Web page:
Friday, July 18, 2008

Comics Review/Art Review/Politics: Barry Blitt, "The Politics of Fear"

The controversy over Barry Blitt's cover for the July 21, 2008 issue of the New Yorker (at right) has certainly been the dominant news story this past week. Both the Obama and McCain campaigns have denounced it as "tasteless and offensive," while supporters of Blitt laud it as effective satire and echo his statement * that "I think the idea that the Obamas are branded as unpatriotic [let alone as terrorists] in certain sectors is preposterous. It seemed to me that depicting the concept would show it as the fear-mongering ridiculousness that it is."

In his defense of the cartoon, Joe Conason writes, "Sometimes satirical drawings provoke laughter, and sometimes they simply provoke. Measured as provocation and as the focus of debate, the New Yorker cover is actually a huge success."

I have a great deal of respect for Joe Conason, but what he doesn't take into account is that the cover is inflammatory quite simply because it traffics in inflammatory imagery without adding anything to it. The New Yorker could have achieved a similar level of provocation by printing "Barack Obama Is a Nigger" in inch-high red letters against a black field. Blitt's cartoon fails as satire; all he has done is compile a visual catalogue of slurs.

This is not to say that I feel Blitt is misrepresenting his intent in the statement quoted above. I can certainly understand the view that this portrayal of the Obamas is inherently laughable, as it tropes any reasonable person's view of them. However, I don't agree with that view. Blitt hasn't done his job here. He recreates previously existing tropes; he doesn't create new ones. He doesn't make us look at this imagery in a new way. There is no counterpoint to the slurs against the Obamas, no element that would give the cartoon dynamism and wit.

Over at TalkLeft, LarryInNYC had an idea that might have served as a really effective counterpoint in the image. Instead of the Obamas, put the McCains in these trappings. Think about it for a minute. John McCain in ceremonial Muslim garb with the U.S. flag burning in the fireplace and Osama bin-Laden's portrait over the mantlepiece. (I'd put a portrait of Ahmadinejad next to it, given McCain's incredibly stupid statement to the effect that al-Qaeda and Iran are allied.) He fist-bumps with Cindy McCain, all done up like Patty Hearst in her Symbionese Liberation Army days. Hey, they're both heiresses. And the whole thing would fit in with the right-wing tendency to project their own negative attributes onto their political opponents.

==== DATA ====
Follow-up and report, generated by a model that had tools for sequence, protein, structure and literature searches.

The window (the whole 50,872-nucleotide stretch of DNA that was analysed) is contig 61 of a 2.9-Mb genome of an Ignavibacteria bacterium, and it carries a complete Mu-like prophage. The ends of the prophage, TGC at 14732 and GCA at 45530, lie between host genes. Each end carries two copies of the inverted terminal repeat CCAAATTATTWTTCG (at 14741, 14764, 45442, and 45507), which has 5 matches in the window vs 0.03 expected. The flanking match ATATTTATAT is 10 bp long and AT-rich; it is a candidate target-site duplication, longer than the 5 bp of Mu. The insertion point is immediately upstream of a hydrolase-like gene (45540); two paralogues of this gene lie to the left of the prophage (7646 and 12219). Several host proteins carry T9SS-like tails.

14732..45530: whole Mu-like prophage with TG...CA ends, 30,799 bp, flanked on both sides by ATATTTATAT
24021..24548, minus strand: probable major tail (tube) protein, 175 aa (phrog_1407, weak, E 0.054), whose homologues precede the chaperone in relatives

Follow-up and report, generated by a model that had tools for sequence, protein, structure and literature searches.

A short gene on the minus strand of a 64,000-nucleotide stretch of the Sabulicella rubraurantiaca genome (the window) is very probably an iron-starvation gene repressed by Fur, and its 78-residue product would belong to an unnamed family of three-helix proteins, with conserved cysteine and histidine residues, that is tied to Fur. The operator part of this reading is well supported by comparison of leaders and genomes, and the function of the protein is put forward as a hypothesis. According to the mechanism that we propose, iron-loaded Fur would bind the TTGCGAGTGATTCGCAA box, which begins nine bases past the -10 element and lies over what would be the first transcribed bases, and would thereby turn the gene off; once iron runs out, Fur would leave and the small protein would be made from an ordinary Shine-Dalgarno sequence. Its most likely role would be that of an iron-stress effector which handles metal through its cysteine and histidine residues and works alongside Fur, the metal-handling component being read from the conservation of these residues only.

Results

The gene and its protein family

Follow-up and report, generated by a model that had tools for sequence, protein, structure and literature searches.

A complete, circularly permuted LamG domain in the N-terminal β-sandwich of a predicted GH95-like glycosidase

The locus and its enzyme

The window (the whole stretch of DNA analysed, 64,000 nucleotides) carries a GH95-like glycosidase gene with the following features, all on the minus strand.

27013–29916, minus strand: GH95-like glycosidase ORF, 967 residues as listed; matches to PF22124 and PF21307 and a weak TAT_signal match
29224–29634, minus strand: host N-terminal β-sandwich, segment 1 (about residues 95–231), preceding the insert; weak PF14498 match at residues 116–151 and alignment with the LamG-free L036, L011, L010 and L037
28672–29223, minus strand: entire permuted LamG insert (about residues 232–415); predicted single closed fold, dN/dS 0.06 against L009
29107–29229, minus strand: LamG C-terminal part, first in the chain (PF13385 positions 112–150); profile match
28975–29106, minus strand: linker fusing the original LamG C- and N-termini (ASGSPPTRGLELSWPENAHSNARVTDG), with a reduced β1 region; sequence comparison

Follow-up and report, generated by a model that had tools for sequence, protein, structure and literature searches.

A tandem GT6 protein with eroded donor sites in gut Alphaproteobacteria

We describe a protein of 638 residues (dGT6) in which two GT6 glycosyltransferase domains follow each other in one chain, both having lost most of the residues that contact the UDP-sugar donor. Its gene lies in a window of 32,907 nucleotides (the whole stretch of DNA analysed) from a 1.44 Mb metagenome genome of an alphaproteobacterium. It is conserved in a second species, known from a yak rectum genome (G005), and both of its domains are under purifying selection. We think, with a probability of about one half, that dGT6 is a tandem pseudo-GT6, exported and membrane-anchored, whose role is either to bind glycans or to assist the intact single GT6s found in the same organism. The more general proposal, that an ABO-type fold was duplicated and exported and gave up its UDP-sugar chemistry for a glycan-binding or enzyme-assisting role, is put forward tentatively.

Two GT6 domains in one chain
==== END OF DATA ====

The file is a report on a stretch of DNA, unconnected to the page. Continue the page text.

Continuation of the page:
The irony of depicting the McCains in this manner would likely be apparent to everyone. Blitt would have created a satirical trope of this imagery, and, most importantly, highlighted the absurdity of these slurs rather than just regurgitating them. Such an image would carry considerable dissonance for the viewer and have the potential to be really funny. This hypothetical cartoon might show the wit the actual one does not.

There would probably still be a controversy. The Obama people are extremely uptight about having this stuff in front of the public in any context, and the McCain people would likely be furious. Neither campaign--particularly Obama's--has demonstrated much of a sense of humor about themselves. But the public might have an image and a controversy worthy of its laughter. Instead we have a lame cartoon and a dull controversy with nowhere to go. My sense is that if your basic reaction to these particular Obama slurs is that they're ridiculous, you'll approve of the cover. If you feel they're hateful, you'll detest it. All Blitt is asking for in response is condemnation or approval for reminding us of what we already think. Any satirist worth his or her salt should ask for more.


*Note: My inclination is not to link to The Huffington Post as a rule, given its persistent practice of misleading, propagandistic, and even libelous headlines, reporting, and article summaries. However, Blitt has not protested Nico Pitney's use of the statement in his article, and, as the article is the primary source for Blitt's defense of his cartoon, I have chosen to make an exception.

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